Its 1.2-litre turbo petrol engine makes 81kW of power and 205Nm of torque, with its race to 100km/h in 10.9 seconds. While it is a little rattly in the cabin, especially accelerating at low revs, it’s enough to get around the city perfectly fine. The Sport driving mode holds onto the revs a little longer, except it doesn’t increase the fun factor enough to drive with it for long periods of time. The button for it is also placed in a woeful spot, deep in the centre console, which means taking your eyes completely off the road.
The stop/start function kicks in about two seconds after coming to a complete stop, but once the engine starts back up, the car jumps forward, and more alarmingly, at one stage it jumped backward when stopped on a slant. It seemed even the hill holder didn’t do the job in this instance.
Citroen claims 4.9L/100km fuel consumption on the combined cycle, but with a mixture of freeway and peak-hour runs, we got a much higher reading of 7.4L/100km. While the PureTech engine under the bonnet won three consecutive International Engine of the Year awards in its class from 2015–2017, the transmission won’t be winning awards any time soon.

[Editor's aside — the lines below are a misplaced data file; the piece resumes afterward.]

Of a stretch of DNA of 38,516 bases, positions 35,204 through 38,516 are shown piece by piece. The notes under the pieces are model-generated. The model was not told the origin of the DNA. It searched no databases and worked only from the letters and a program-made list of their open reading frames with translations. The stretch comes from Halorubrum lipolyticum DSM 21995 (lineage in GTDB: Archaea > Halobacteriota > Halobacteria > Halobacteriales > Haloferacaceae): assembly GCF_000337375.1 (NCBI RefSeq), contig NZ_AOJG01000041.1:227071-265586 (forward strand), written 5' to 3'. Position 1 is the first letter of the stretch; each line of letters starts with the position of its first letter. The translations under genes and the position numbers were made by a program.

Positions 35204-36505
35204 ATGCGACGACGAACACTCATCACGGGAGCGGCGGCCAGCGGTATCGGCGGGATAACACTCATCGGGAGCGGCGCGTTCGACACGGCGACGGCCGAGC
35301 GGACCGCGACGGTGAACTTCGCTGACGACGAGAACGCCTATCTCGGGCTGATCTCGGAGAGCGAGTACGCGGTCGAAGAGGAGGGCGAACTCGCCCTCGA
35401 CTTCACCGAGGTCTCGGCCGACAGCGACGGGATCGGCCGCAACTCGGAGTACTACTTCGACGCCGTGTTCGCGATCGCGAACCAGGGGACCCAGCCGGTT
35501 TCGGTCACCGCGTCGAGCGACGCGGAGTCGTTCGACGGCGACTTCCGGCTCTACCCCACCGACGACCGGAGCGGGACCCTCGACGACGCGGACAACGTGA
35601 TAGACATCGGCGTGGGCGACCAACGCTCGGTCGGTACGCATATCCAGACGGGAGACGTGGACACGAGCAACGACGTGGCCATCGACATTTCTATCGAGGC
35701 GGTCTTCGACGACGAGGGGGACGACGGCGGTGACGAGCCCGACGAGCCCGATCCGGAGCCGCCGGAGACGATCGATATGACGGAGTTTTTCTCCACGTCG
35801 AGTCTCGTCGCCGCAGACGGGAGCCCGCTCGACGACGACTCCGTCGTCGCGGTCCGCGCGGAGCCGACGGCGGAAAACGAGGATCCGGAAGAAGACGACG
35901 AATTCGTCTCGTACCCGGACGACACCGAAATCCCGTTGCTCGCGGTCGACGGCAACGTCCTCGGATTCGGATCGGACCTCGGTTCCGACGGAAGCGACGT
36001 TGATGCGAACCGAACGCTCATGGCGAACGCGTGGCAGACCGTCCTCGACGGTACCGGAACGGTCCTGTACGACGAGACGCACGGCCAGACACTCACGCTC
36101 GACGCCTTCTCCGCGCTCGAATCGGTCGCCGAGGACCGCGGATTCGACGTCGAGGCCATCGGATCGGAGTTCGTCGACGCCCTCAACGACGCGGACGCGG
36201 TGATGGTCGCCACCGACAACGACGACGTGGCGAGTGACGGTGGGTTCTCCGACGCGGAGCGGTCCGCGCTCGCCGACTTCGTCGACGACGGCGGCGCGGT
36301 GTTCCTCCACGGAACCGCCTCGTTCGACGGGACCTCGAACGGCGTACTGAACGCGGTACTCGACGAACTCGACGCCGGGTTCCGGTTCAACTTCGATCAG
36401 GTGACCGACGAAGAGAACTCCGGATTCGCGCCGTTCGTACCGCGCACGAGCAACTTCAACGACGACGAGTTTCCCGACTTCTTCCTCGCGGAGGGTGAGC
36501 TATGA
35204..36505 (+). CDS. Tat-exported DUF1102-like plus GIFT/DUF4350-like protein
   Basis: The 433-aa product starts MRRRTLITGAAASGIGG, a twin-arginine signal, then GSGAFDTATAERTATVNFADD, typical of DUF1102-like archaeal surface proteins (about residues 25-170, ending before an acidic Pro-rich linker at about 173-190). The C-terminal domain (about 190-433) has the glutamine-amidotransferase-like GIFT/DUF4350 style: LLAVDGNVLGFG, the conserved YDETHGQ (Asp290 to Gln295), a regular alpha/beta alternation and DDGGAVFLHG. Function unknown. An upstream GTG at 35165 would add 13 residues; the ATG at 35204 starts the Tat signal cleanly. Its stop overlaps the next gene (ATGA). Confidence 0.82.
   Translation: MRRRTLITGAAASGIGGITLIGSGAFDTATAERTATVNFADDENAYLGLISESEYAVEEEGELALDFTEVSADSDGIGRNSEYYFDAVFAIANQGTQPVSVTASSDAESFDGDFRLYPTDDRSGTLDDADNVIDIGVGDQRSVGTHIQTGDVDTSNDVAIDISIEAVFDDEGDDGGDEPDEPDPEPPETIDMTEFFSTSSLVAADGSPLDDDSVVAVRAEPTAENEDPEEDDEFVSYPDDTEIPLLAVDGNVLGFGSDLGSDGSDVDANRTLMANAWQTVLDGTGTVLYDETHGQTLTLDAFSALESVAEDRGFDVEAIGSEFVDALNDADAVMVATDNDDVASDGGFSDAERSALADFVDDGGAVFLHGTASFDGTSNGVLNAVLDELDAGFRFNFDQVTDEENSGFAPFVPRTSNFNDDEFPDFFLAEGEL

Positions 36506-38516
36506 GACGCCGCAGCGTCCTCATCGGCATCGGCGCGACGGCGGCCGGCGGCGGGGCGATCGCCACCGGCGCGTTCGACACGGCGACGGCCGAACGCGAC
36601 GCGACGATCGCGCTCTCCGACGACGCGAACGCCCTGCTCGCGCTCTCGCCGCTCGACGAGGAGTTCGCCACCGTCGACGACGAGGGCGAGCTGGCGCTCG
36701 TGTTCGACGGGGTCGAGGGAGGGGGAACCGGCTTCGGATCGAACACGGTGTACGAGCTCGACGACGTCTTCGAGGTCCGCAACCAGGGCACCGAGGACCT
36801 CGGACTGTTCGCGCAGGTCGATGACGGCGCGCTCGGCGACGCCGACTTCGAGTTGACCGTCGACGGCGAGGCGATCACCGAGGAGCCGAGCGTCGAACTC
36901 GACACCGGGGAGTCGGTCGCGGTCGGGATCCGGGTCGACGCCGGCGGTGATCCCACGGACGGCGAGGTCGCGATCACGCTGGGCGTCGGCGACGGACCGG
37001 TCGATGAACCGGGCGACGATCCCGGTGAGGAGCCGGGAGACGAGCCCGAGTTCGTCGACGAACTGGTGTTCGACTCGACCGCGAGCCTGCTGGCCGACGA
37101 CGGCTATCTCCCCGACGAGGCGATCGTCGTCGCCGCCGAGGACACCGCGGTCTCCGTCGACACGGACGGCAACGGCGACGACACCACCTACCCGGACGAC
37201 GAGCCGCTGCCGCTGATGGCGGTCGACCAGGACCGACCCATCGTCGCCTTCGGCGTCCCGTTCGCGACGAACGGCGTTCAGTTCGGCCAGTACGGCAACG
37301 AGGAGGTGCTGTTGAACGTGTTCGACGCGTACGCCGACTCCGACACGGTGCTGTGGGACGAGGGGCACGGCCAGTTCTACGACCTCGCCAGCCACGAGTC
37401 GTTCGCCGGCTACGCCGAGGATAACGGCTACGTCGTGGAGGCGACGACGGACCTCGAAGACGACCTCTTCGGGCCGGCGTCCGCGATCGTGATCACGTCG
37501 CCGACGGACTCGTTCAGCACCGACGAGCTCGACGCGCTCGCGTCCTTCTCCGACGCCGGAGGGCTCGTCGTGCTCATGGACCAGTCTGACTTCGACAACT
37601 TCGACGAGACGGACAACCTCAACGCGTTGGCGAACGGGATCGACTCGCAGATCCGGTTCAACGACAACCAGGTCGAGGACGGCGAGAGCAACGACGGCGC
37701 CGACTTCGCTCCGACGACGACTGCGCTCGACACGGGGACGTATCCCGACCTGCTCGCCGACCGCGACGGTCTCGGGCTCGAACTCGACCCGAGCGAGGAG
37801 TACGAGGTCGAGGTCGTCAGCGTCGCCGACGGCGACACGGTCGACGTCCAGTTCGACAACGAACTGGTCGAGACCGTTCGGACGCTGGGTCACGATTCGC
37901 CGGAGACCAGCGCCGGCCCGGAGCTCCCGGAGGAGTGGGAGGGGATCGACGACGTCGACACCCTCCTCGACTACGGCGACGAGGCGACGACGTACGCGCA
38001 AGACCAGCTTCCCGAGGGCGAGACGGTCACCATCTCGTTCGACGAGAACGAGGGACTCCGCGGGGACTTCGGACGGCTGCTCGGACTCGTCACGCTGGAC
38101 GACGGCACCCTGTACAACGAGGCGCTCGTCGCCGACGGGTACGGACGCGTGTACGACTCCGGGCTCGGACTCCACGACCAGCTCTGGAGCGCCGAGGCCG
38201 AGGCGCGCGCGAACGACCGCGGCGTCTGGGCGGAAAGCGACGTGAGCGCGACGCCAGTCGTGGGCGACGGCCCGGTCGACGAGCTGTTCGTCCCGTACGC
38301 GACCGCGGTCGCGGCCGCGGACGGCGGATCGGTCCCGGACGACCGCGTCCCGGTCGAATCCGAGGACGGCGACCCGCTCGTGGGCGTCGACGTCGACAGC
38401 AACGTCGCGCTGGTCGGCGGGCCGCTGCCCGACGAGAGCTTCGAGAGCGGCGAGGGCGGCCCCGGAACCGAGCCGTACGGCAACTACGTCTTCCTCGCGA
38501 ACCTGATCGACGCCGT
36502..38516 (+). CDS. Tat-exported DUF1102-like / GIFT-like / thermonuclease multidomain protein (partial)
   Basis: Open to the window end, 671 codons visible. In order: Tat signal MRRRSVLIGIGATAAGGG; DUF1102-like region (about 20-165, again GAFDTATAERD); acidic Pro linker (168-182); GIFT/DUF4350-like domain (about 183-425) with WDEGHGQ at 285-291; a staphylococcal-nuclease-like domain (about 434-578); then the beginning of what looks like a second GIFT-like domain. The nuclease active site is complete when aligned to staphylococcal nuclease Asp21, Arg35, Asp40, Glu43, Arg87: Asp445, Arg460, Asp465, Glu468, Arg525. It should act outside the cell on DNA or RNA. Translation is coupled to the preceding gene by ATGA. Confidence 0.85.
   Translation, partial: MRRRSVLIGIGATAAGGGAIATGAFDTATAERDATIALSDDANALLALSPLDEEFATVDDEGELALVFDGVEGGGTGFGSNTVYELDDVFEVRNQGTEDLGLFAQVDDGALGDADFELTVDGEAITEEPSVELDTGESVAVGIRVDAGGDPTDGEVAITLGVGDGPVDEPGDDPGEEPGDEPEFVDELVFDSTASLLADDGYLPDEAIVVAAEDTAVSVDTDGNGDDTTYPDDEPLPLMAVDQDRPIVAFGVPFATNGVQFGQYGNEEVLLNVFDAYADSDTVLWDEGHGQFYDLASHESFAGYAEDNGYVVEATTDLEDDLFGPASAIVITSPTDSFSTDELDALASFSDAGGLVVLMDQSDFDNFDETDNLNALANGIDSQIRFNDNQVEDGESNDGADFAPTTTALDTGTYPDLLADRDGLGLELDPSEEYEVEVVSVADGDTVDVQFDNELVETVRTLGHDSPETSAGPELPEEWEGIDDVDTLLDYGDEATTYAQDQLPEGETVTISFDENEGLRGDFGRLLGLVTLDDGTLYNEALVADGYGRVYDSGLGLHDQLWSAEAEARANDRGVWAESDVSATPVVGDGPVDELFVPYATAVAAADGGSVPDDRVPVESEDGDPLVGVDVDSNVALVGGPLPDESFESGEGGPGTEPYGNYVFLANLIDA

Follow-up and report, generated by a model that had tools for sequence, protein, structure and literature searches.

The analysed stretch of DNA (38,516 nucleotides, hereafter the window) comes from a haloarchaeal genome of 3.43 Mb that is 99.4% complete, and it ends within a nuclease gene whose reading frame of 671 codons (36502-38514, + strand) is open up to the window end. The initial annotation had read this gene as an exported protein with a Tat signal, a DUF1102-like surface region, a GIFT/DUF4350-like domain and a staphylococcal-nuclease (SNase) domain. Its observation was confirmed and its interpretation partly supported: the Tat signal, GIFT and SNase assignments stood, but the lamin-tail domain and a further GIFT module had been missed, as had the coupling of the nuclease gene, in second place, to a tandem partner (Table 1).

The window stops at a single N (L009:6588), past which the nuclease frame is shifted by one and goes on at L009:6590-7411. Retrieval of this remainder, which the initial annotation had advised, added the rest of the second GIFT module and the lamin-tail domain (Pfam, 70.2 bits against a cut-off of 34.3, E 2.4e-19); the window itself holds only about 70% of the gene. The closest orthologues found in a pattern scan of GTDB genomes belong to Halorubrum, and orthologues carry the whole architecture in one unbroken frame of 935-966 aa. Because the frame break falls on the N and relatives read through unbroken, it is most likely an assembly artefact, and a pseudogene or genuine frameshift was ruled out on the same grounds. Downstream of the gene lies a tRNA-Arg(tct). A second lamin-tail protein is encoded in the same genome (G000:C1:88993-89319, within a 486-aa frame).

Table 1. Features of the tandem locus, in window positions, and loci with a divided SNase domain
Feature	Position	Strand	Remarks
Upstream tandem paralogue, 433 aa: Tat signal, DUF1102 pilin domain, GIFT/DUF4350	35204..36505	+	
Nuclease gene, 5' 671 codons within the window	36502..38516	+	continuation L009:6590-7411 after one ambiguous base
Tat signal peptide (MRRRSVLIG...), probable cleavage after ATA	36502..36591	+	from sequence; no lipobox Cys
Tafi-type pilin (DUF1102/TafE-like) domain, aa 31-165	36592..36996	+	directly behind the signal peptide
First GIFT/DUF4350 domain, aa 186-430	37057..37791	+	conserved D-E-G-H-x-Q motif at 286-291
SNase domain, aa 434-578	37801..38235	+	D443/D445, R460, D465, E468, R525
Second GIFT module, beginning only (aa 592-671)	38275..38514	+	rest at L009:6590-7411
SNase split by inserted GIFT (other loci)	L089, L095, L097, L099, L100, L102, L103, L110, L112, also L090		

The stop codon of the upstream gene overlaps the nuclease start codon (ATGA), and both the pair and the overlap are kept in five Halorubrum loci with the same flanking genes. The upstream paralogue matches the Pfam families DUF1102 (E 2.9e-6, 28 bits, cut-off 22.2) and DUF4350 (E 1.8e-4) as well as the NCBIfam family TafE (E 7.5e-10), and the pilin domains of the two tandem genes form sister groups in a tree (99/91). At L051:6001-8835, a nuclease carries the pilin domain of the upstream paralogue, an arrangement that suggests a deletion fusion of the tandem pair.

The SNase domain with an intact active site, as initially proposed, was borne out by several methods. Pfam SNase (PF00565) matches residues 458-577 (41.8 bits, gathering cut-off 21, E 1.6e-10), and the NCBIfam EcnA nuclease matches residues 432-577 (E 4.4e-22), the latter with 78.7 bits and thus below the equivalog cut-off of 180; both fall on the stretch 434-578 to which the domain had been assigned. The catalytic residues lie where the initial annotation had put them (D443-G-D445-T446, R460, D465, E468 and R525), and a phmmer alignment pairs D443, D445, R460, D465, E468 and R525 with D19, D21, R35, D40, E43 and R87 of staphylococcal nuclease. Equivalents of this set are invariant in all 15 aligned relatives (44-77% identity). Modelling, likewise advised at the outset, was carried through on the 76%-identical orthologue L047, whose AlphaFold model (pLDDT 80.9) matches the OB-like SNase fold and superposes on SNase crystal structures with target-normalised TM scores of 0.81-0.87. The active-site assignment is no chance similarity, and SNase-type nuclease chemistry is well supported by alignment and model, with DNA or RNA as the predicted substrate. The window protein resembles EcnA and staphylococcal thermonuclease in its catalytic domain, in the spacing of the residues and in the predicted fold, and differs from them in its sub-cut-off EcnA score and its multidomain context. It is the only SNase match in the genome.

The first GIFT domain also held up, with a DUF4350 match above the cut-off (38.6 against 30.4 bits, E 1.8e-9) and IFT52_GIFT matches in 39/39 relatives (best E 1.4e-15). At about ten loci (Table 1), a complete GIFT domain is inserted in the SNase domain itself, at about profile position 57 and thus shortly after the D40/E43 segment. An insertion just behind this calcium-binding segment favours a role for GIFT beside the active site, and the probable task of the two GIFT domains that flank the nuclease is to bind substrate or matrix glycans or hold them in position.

Unfortunately, the six-speed automatic transmission really lets down the C3. It is torque-converted, and in stop/start traffic it is one confused little gearbox. While it keeps the revs low at 2000rpm at 100km/h, it often changes down to fifth at 98km/h and doesn’t do it very smoothly, like every other gear change. Driving with this gearbox for the week we had it, we still didn’t get used to it. Sadly, Citroen doesn’t offer the six-speed manual found in the C4 Cactus, as it would improve the C3 considerably.
Warranty is an impressive five years/unlimited kilometres, with five years of roadside assistance. Its first service comes at 12 months/15,000km and is the same interval onwards. Recently, the C3 received a four-star safety rating conducted by Euro NCAP. Adult and child protection scored 88 and 83 per cent respectively, and a much lower 59 per cent for pedestrian protection and 58 per cent for safety assist, with thanks to the lack of AEB. For New Zealanders, it does come as an option, but not for Australia.
The C3’s unique design either turns heads or scratches heads, depending on your taste. It does stand out amongst the SUV crowd, especially with the colour choices, and that engine is genuinely a good thing.
Yes, there are a few ‘buts’ coming. It is a tad pricey, as are the options, the gearbox is hard to live with, and the lack of safety is something you would need to consider. However, if you’re just as quirky and bubbly as the C3, then it appears a match made in heaven.